How to take a claim in the civil court

Find out if the defendant is worth suing

If you are taking someone to court over money you need to make sure that they can pay you if you win. This guide outlines the things you can do to check before you go to all the bother and expense of starting legal proceedings. This guide is part of series about taking someone to the civil court to sort out a problem or disagreement. It will help for any kind of money claim case about a broken contract (often called 'breach of contract'), money owed, compensation, and personal injury, including if you were hurt in a road traffic accident.

This guide is for you if:

What is suing someone?

If you sue someone you start legal proceedings to take them to court over a civil claim. This can also be known as taking legal action, going to court, taking someone to the small claims court, or litigation. The purpose of taking someone to court is to get the court to make a decision in your favour (called ‘a judgment’) and award a remedy, usually money compensation.

  • you are starting a civil claim in either England or Wales, and
  • your case involves a claim for £25,000 or less, and
  • you are representing yourself (you are a litigant in person) and not eligible to have your case paid for by legal aid, a trade union, or insurance.

Top tip - See Should I sue someone? for useful background information on issuing a claim and An overview of the process of taking a claim in the civil court to get an overview of what a typical case might look like.

The rest of this series about sorting out a dispute by going to a civil court can be found on our Going to a civil court page.

This guide is not for you if you are involved in:

  • a case which involves a claim for more than £25,000,
  • a criminal case,
  • a family case (such as a domestic violence injunction or a divorce),
  • a housing disrepair or housing possession case including mortgage possession,
  • injunctions (including court claims about anti-social behaviour)
  • a medical accident case,
  • a case involving defamation (that is libel or slander) or
  • a tribunal case (such as a discrimination, employment or immigration case).

This guide is also for people supporting litigants in person, for example Support Through Court volunteers, Citizens Advice volunteers, and advice workers, as well as relatives and friends.

Legal language - We try to explain any legal language as we go along, but there is also a ‘What does it mean?’ section at the end.

Updated February 2024
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Can they pay you if you win

What is a money claim?

The process of taking somone to court to get a debt repaid or get some other form of financial compensation.

If you are making any kind of money claim, you need to know that your opponent - the defendant:

  • is not in any financial trouble, for example facing insolvency
  • has enough assets to pay you themselves, or
  • is insured and the insurers will cover are covering the claim,
What is a defendant

The ‘defendant’ is what the law calls your opponent - the person, company or organisation that you take court action against. Sometimes there may be more than one defendant because, for example, you think that more than just the one person, company or organisation shares responsibility for what happened to you.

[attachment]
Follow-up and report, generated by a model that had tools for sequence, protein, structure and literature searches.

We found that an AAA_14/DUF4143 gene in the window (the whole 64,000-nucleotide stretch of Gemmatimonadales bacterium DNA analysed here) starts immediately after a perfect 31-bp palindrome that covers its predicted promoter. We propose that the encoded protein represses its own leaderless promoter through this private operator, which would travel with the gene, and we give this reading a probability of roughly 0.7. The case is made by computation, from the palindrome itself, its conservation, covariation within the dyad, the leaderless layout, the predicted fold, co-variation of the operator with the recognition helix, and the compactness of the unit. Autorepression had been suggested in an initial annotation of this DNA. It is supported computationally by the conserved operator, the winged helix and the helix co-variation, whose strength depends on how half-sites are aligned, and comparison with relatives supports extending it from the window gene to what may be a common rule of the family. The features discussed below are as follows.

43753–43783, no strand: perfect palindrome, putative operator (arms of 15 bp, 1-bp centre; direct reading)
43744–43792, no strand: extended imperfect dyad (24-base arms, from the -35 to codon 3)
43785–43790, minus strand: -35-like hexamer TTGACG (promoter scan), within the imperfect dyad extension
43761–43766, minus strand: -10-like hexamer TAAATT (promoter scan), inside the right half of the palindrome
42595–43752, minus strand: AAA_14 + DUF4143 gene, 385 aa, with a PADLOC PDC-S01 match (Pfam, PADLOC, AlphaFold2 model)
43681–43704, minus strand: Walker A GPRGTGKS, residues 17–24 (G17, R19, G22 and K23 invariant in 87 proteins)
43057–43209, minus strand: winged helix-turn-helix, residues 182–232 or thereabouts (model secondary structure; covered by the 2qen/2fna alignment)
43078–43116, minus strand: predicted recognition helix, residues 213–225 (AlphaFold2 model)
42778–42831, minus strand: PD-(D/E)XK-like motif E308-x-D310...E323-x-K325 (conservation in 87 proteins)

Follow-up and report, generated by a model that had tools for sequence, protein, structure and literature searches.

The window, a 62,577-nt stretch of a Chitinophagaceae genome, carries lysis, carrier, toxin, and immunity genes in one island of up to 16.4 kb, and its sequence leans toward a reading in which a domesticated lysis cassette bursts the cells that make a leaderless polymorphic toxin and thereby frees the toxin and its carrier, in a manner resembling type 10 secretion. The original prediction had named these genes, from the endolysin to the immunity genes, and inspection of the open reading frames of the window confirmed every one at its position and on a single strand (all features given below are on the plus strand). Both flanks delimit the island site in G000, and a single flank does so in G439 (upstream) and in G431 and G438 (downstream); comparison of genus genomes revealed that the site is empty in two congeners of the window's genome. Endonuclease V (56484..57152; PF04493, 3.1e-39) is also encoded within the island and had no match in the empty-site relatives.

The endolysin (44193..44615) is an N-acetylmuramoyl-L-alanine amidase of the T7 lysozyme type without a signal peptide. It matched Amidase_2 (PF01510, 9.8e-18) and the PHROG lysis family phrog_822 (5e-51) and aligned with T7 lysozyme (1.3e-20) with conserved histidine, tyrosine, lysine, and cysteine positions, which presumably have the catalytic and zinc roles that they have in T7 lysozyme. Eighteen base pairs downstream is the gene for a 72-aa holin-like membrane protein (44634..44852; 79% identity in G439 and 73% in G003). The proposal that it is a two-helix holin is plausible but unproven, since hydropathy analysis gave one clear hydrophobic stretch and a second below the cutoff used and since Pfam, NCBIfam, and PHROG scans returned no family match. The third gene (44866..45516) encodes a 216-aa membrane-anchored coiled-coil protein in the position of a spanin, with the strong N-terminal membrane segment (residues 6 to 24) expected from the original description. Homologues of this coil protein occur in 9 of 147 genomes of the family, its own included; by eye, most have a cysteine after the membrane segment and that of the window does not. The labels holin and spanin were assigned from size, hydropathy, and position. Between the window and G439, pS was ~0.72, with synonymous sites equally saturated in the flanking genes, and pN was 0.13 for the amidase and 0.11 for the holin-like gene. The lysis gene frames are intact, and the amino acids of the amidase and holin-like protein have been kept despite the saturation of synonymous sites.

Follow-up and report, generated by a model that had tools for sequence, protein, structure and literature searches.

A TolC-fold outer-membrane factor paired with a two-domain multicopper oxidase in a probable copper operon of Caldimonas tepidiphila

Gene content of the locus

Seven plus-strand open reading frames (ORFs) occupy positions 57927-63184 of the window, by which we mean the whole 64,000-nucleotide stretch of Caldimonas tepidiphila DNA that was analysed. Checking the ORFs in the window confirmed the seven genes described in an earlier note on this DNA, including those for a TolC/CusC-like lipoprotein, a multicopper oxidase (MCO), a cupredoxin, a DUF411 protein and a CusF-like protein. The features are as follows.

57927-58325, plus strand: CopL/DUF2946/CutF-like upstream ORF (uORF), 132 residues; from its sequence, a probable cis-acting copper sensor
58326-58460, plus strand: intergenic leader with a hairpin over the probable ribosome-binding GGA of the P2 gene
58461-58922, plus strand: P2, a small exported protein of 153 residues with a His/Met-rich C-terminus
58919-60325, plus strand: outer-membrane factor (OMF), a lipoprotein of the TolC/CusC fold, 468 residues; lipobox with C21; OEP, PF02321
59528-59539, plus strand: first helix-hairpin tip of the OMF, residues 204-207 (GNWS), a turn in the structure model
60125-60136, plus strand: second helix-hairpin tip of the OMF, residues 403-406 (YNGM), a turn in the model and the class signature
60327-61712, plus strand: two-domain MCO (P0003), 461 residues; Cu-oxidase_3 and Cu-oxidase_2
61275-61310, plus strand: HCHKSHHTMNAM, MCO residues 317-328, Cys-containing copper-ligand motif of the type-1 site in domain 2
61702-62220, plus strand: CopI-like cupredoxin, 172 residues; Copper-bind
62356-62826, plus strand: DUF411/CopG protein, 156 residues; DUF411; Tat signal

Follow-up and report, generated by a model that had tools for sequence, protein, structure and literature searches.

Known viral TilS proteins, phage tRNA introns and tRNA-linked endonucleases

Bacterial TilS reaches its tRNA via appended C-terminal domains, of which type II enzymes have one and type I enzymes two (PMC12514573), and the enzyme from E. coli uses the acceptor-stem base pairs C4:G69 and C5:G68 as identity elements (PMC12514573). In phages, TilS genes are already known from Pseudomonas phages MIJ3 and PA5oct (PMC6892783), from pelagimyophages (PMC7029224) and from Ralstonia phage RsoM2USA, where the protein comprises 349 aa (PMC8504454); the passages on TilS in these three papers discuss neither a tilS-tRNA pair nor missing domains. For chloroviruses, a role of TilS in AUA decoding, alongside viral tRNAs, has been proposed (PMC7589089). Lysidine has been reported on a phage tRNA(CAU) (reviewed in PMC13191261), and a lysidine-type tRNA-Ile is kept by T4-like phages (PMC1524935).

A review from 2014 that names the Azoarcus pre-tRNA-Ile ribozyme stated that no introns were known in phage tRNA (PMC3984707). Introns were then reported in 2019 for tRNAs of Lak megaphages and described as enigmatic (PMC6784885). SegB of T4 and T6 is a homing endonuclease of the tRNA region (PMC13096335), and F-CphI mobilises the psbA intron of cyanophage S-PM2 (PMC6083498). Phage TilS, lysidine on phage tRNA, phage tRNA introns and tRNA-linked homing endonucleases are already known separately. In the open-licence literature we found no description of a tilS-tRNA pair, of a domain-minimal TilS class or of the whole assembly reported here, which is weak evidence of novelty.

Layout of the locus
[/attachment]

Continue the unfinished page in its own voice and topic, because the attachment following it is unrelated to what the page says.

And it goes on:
Otherwise you will waste both your time and money. There is no one else out there who steps in and pays you if your opponent does not even if you win your case, unless they are insured.

So, you need to find out if your opponent has money or assets and where those assets are. This will affect your ability to make them obey a court order to pay you - this is known as enforcement.

In England and Wales you can bring enforcement proceedings through the courts. But if the defendant’s only money or assets are in Scotland or Northern Ireland it will be a more complicated process. And if their only money or assets are abroad, then you will need to think very carefully about whether it is worth starting proceedings against them. For more information see Civil procedure rule - Part 74 - Enforcement of judgments in different jurisdictions

If your opponent is bankrupt there may be little point in suing them, but it is always worth finding out more before making a decision, for example, they may still own a home.


There are some searches you can do that may help. Some are free, others are charged for.

You can:

  • find out who owns a property and whether there are any debts secured on it by searching information from the Land Registry
  • check whether someone is bankrupt by searching the bankruptcy and insolvency register
  • check if a person or company is insolvent (does not have enough money or assets to pay debts) by checking the public notices in the London Gazette.
  • ask for information about the registered keeper of a vehicle from DVLA
  • check if a vehicle is stolen, written off or on finance at HPI Check
  • check whether a business or an individual has been fined or had court orders made against them at Trust Online
  • find information about a company and their accounts from Companies House
  • find information about a registered charity and their accounts from the Charity Commission
  • carry out an internet search or check other media to find out useful information about your opponent.

Enquiry agents

Lawyers sometimes uses enquiry agents to investigate whether it is worth starting legal proceedings against someone. Enquiry agents can provide a report about someone’s financial status. Typically, this will give you information about whether they are a homeowner or a tenant, whether they are bankrupt or have court orders against their name and their employment details. You may want to consider this option but check the cost before you go ahead. Some enquiry agents offer this service at a fixed cost - others charge an hourly rate.